January 2, 2019
January 2, 2019



David Brainin grew up in a family of tailors. Following a difficult childhood, he left school and, without informing anyone, went to Palestine, where he spent five years. In 1924, he arrived in Paris, where he studied painting, choreography, and dance. He joined the Ballets Russes troupe and married one of the dancers. In 1931, he and his wife were invited to dance in a ballet in Rio de Janeiro, Mexico City, and Buenos Aires. Back in Paris, David Brainin took classes at the Ecole de Beaux-Arts for four years. He first studied painting before specializing in film sets.

He was arrested during a roundup, was interned in Drancy on April 29, 1942, and was then sent to Compiegne. Although life in the camp was very difficult, he kept drawing. He painted pictures of the prisoners and guards in the camp. He was deported on September 18, 1942 on convoy number 34. He was murdered in Auschwitz.

Stories of Jewish Artists of the School of Paris 1905-1939


Capitale des arts, le Paris des années 1905-1939 attire les artistes du monde entier. De cette période de foisonnement, un terme est resté, celui d'Ecole de Paris, qui recouvre une grande diversité d'expression artistique. Dans ce brassage dont Montparnasse est le creuset, un groupe se distingue : celui des artistes juifs venus de Russie, de Pologne et d'Europe centrale. Si leurs styles sont variés, un destin commun les rassemble : ils fuient l'antisémitisme de leur pays d'origine. Certains ont connu la célébrité dès les années 1920, tels Soutine, Lipchitz ou Chagall. D'autres n'ont pas eu le temps ou la chance d'y accéder. Près de la moitié a péri dans les camps de concentration nazis.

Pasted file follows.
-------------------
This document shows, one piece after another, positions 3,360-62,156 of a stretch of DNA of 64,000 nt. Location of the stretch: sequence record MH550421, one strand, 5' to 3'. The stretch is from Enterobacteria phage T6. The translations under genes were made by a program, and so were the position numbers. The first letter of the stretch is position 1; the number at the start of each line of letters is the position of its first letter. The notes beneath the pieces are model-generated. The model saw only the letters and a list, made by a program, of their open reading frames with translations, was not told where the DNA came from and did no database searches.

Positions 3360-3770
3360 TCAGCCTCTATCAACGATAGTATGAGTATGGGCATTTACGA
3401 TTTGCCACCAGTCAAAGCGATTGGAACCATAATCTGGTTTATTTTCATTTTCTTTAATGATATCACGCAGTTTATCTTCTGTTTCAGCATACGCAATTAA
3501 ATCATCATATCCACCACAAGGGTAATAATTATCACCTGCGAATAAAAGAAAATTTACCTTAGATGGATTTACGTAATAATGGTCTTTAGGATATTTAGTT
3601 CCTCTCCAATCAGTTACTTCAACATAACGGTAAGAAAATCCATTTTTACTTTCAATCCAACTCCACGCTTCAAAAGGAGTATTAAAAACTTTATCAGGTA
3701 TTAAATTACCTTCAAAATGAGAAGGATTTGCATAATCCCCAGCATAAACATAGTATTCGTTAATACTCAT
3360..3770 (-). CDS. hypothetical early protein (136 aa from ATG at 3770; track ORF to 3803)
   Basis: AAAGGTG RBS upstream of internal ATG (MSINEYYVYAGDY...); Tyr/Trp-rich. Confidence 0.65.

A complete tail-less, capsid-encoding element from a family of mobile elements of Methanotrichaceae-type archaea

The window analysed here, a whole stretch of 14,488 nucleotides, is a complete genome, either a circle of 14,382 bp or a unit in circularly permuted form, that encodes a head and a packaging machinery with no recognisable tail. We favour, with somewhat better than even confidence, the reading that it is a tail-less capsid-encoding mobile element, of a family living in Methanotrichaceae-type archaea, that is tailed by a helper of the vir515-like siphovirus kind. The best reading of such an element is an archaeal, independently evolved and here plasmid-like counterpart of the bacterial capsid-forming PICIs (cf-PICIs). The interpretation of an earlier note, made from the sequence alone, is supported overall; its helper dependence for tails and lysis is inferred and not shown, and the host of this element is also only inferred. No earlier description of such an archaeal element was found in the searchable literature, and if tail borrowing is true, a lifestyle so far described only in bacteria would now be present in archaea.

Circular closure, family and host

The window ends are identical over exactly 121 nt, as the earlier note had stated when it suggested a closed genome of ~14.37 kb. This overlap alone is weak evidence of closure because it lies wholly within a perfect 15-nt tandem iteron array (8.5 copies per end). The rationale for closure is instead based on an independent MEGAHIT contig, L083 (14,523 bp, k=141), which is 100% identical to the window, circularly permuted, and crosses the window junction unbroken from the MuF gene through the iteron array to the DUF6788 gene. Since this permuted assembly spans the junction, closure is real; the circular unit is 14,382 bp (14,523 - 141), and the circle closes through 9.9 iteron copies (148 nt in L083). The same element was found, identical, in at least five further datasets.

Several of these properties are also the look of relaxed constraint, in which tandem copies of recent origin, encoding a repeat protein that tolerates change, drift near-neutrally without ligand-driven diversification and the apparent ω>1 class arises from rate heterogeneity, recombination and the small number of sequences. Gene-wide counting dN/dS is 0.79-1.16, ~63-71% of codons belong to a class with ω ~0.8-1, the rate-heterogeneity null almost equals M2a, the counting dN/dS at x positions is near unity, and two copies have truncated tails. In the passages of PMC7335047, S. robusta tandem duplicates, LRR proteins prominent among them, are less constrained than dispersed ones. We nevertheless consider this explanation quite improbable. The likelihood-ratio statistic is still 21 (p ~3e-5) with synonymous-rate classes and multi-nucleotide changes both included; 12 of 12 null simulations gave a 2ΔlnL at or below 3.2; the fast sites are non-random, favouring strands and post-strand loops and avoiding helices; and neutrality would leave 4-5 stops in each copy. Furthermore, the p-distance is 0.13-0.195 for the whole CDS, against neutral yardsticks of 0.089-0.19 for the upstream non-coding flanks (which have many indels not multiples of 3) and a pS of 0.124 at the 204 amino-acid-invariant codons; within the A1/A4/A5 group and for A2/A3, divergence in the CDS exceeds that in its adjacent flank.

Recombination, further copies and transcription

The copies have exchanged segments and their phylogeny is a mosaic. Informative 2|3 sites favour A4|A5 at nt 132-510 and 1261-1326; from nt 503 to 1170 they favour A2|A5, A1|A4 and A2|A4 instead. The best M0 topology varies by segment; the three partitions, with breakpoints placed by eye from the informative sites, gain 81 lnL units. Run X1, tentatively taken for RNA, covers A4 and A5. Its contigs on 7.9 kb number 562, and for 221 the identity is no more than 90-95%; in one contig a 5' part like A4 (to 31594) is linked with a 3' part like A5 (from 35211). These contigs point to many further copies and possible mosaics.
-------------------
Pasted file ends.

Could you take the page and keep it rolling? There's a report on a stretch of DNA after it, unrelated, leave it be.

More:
From 1905 to 1939, Paris attracted artists from all over the globe as the capital of the art world. This period of artistic proliferation became known as the School of Paris, and includes a great diversity of artistic expression. Within the teeming art world centred on Montparnasse, one group set itself apart: Jewish artists from Russia, Poland, and Central Europe. Although their styles were diverse, they shared the common fate of fleeing anti-Semitic persecutions in their home countries. Some became famous in the 1920s, such as Soutine, Lipchitz, and Chagall, while others did not have the time or the luck to gain renown. Nearly half of these artists died in Nazi concentration camps.